Considering our nanny-state's liability concerns as well as budget constraints, I thought I would be coming to look at the tower from the wrong side of fences and locks so wasn’t expecting that last little line on the lower right of the sign.

Now to the sensible that reads as a warning, but – well – yeah, you know where this is going. . .

9 landings, 133 steps, and 110 feet up to a little box just barely large enough to lay down in!

How could I say no?!

Weellll. . . Partway way up that question changed to what the hell was I thinking!!

The steps were no big deal, I’ve climbed worse, you just take them slow and steady, but remember that $1000 price-tag to build this thing? Well I’m here to tell you, it was so damn cheap because this thing is SpindlY; with a capital S capital Y!!

I had covered about 2/3rds of the climb and was doing fine, but then I did something wrong which set up a harmonic wobble in the entire tower that was suddenly attempting to throw me off! I had to stop where I was and hang on tight until it finally died down.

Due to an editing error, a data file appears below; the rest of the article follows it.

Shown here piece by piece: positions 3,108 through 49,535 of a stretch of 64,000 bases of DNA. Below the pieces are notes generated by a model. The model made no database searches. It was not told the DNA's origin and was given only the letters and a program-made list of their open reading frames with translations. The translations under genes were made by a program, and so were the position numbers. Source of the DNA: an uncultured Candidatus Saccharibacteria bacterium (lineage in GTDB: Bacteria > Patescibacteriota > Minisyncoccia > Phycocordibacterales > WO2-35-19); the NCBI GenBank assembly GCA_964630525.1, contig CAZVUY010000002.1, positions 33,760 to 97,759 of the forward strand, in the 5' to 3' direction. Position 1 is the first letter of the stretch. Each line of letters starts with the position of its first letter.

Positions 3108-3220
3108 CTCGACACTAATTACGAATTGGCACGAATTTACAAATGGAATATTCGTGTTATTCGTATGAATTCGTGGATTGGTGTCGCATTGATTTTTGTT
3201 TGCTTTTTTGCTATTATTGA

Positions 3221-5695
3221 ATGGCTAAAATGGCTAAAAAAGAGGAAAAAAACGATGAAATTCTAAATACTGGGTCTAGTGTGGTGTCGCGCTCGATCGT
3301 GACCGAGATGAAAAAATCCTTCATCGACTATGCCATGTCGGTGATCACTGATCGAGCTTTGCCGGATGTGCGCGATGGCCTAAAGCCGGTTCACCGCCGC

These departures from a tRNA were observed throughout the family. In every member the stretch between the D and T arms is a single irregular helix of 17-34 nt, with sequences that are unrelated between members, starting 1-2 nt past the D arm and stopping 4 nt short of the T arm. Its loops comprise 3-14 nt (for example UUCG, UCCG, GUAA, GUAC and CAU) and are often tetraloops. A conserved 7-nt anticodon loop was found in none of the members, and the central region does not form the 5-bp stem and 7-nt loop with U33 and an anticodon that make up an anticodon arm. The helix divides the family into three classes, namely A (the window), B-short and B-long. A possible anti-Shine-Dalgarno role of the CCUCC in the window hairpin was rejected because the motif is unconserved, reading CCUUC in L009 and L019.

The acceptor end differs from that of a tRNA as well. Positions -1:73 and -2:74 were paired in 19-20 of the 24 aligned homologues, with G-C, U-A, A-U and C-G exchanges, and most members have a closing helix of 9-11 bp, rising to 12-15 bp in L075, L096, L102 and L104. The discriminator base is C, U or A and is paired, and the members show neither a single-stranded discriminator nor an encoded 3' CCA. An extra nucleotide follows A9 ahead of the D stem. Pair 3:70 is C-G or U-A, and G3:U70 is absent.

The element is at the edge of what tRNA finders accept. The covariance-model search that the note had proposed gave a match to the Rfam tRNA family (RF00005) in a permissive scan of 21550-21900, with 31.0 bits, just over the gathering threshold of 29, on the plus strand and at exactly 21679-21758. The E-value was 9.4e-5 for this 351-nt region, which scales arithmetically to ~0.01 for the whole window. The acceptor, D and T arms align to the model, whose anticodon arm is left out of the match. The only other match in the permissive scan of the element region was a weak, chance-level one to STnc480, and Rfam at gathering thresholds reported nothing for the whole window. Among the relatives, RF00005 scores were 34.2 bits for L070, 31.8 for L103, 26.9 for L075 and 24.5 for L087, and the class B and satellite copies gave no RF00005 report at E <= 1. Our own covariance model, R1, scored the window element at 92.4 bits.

OK, that’s enough to make a guy reevaluate the decision that put him up here in the first place!

It didn’t help that now I was reminded of reading that long-time tower watchman Raymond Axsom was pretty scared the time the tower got struck by lightning, but the time he was really scared was when a sudden storm blew in and the tower was whipping around so bad all he could do was wrap his arms and legs around the steps he had been caught out on and hang on.

But, then again, I already had all those steps behind me and when I, very slowly, tilted my head back until I was looking straight up I could see that there were only three more landings to go!

Back in the day there were no yellow railings here in the tower,

Stolen photo. The alidade in the Hickory Ridge Tower has long since been removed.

just a hinged trap door that didn’t interfere with the alidade used to vector in on fires.

I don't mind the railings!